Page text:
SCRIBE: Crowdsourcing Indigenous Knowledge

Muniyappa, Prathima. "SCRIBE: Crowdsourcing Indigenous Knowledge," September 2020.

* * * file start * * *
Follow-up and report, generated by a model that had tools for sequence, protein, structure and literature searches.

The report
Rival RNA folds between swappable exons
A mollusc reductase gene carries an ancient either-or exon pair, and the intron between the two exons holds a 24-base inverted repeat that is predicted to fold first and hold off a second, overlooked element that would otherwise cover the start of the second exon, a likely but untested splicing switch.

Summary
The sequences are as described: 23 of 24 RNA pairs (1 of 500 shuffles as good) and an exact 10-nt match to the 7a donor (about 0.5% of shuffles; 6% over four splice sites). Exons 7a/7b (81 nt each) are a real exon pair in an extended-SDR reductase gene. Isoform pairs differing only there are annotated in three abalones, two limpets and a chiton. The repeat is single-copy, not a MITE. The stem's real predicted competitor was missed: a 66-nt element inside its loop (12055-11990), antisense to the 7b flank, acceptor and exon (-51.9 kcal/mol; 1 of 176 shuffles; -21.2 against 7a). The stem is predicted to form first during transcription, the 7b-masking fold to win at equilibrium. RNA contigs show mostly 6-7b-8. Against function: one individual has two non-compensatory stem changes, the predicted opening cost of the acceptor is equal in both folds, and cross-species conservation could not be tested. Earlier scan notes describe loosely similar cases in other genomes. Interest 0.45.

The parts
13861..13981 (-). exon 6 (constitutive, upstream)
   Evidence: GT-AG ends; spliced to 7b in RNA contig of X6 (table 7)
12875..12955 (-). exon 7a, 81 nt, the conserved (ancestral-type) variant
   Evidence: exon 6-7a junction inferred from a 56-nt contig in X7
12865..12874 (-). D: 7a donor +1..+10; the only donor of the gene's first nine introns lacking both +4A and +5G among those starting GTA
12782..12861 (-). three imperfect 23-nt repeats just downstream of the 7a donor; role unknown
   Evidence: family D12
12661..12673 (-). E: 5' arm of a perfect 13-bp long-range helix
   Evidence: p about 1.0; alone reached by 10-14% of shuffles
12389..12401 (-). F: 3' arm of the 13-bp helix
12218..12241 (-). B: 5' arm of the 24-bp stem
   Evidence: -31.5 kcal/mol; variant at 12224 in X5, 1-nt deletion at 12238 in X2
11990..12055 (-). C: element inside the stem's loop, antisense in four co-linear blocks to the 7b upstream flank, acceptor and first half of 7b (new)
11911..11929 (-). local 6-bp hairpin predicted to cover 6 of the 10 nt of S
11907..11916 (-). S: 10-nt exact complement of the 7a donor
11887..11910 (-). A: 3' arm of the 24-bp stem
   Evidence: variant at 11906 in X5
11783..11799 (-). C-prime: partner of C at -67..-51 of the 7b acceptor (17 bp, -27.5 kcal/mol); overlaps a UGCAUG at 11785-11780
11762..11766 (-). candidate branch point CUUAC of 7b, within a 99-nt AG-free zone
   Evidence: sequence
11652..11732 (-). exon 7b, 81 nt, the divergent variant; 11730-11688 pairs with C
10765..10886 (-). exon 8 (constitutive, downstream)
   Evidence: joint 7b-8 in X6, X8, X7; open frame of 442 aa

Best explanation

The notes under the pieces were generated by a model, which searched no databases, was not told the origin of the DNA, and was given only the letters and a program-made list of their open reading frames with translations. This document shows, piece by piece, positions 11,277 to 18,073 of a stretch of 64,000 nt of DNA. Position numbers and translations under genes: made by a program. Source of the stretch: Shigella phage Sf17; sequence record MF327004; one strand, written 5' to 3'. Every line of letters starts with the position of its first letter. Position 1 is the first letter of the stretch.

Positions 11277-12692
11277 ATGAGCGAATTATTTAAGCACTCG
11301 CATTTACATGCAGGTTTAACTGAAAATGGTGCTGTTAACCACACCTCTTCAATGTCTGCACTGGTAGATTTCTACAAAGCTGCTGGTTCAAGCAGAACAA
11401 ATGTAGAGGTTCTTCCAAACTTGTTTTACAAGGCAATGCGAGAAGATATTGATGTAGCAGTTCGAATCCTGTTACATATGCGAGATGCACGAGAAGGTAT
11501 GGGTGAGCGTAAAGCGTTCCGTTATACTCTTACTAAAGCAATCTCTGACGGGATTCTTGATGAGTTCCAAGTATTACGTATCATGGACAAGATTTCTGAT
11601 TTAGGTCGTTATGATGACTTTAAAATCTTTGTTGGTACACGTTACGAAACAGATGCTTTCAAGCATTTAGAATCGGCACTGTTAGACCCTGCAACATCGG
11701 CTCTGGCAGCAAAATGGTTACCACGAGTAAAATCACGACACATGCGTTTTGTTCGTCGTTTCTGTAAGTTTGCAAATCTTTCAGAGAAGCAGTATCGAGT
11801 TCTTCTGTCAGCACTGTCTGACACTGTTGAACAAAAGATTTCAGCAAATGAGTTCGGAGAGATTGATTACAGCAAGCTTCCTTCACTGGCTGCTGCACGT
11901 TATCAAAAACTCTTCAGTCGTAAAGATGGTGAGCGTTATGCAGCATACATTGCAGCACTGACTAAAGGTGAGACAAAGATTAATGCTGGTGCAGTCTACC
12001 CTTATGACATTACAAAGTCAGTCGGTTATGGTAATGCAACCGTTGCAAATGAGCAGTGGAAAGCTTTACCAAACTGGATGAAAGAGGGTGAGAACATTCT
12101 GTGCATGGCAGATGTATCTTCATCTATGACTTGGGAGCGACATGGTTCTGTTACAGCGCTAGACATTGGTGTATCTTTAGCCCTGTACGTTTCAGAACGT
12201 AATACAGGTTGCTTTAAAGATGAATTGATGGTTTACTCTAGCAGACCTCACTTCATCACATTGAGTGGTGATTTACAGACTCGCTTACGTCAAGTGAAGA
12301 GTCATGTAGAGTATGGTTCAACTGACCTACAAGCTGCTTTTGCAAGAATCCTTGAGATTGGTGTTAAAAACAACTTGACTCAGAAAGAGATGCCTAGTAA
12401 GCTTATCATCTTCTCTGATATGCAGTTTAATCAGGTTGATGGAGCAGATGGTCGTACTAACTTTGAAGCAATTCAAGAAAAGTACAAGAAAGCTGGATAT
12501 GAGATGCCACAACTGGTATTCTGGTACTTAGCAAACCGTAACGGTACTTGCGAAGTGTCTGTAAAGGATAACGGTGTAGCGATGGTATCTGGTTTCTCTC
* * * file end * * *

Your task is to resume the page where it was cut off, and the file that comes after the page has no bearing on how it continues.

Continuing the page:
The Ethnosphere is woven into the matrix of the biosphere as a simultaneous duality, and yet cartographers of disciplinary territories raise boundaries to dis-entangle the dialectic dualities: Nature from culture, scientific knowledge from indigenous knowledge and the form from the formless. The project of modernity with its predilection for organizing knowledge into disciplinary silos served to render the boundary between nature and culture impermeable. Myths, folklore, language and heritage are animating phenomena for the human experience of mediating matter, establishing networks that permeate boundaries between life-non life, human- other than human, form and the formless. This research will journey through the overt but out-of-sight ecosystem transformations that are instigated from historically muted indigenous tribes and will develop a method of conservation of indigenous knowledge that is in-situ, espouses a critical conservation approach, engages with the issues of indigenous self representation and offers defensive intellectual property protection. It explores the design of a tool called SCRIBE to crowdsource and document oral histories, ecological memory and indigenous knowledge and practices relating to ecosystem management using new media. The tool can be used to and spatially correlate such media alongside earth observation data and scientific studies on resource conservation emerging from the same geographies. Re-positioning two ontologies: the scientific and indigenous, in juxtaposition with one another, dismantles the false divide between these two categories and presents an opportunity to combine two sets of data sources that are rarely ever combined, and privilege vastly different ways of knowing. In crystallizing process into product and research into a technology that can be used for conservation, the thesis will seek to dwell deeply on devising the methodology of interaction with the communities, on the co-creation of a structure of engagement, of humbling learning from both their knowledge and their ontologies. This will inform the design principles for a tool that can address the complex questions of justice that underly the politics of knowledge conservation.

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